Japan Introduces Giant Humanoid Robot for Railway Maintenance

Japan has introduced a towering 12-meter-tall humanoid robot for railway maintenance, equipped with eyes reminiscent of soda bottles, a crudely designed head akin to Wall-E, and large arms capable of handling various tools like blades and paintbrushes.

While it resembles a giant menacing robot from 1980s sci-fi, West Japan Railway’s (JR West) new humanoid robot is designed with less sinister intentions, focusing on tasks such as painting and gardening.

Mayumi Watanabe, a truck driver in Fukui Prefecture, remarked, “It’s surprising to see a petite woman like me operating a large truck.” Japan’s labor shortage is prompting a reevaluation of gender roles.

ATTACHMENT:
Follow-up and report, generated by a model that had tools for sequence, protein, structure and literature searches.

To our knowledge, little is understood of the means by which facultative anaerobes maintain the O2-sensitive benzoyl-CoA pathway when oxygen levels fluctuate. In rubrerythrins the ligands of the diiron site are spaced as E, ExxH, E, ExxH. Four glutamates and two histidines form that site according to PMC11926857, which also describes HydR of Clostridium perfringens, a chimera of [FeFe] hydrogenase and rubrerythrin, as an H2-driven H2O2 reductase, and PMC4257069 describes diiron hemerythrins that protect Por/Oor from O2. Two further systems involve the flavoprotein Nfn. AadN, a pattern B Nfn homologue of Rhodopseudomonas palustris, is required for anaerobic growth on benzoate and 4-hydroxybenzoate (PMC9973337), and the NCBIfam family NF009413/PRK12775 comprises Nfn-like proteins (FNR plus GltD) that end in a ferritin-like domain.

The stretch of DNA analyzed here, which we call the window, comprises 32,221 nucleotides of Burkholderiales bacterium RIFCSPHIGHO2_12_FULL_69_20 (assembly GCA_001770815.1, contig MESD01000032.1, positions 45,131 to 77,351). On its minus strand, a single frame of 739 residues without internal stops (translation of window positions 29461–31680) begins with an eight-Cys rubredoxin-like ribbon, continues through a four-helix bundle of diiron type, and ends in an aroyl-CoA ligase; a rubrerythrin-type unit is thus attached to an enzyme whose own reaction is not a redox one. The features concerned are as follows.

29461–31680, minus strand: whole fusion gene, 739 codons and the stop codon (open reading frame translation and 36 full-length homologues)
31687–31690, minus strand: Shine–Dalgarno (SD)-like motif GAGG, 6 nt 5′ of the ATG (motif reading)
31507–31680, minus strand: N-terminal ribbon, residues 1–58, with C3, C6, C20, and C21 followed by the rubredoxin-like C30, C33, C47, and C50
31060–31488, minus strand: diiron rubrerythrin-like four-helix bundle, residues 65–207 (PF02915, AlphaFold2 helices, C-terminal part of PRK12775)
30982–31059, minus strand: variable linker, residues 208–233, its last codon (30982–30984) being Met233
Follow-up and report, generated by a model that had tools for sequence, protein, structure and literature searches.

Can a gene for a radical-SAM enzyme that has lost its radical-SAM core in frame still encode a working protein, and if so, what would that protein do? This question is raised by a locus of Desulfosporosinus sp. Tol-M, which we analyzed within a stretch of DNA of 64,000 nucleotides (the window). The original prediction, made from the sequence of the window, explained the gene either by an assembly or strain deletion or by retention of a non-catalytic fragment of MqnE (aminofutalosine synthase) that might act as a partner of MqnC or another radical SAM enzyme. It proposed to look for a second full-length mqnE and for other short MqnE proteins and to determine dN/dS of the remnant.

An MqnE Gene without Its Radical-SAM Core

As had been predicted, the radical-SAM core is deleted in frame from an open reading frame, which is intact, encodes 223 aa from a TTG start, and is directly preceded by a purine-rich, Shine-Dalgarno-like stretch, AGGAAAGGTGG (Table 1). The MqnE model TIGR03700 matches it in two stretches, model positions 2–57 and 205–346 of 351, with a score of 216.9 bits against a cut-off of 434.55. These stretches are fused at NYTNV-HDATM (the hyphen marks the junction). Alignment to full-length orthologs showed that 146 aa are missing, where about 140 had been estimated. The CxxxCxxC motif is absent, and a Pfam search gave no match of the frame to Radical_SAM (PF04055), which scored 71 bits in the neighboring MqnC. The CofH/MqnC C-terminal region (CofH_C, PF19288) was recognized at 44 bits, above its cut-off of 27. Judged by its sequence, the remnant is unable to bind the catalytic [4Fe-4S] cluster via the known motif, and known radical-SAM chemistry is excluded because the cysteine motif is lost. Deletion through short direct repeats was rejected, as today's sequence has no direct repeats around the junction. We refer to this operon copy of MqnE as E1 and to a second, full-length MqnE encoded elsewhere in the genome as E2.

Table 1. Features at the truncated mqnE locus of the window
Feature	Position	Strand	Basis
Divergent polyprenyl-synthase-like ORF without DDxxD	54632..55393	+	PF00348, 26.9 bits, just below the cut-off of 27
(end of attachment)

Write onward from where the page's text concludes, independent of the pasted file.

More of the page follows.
Starting this month, the large robot, featuring oversized arms, a head reminiscent of Wall-E’s, and eyes like soda bottles, will be mounted on trucks capable of driving on tracks and will be used for maintenance tasks across the company’s network.

Operators will sit in the truck’s cockpit and use cameras to “see” through the robot’s eyes, remotely controlling its powerful limbs.

The robot has a vertical reach of 12 meters (40 feet) and can carry objects weighing up to 40 kilograms (88 pounds) using various attachments, such as brushes for painting or chainsaws.

According to JR West, the robot’s primary tasks for now are trimming tree branches along the rails and painting metal frames that support cables above trains.

The company stated that this technology not only helps address Japan’s labor shortage due to an aging population but also reduces accidents, such as workers falling from heights or suffering electric shocks.

“We hope to use this machine for various infrastructure maintenance tasks in the future,” said JR West President Kazuaki Hasegawa at a recent press conference, suggesting it could serve as a case study for addressing labor shortages.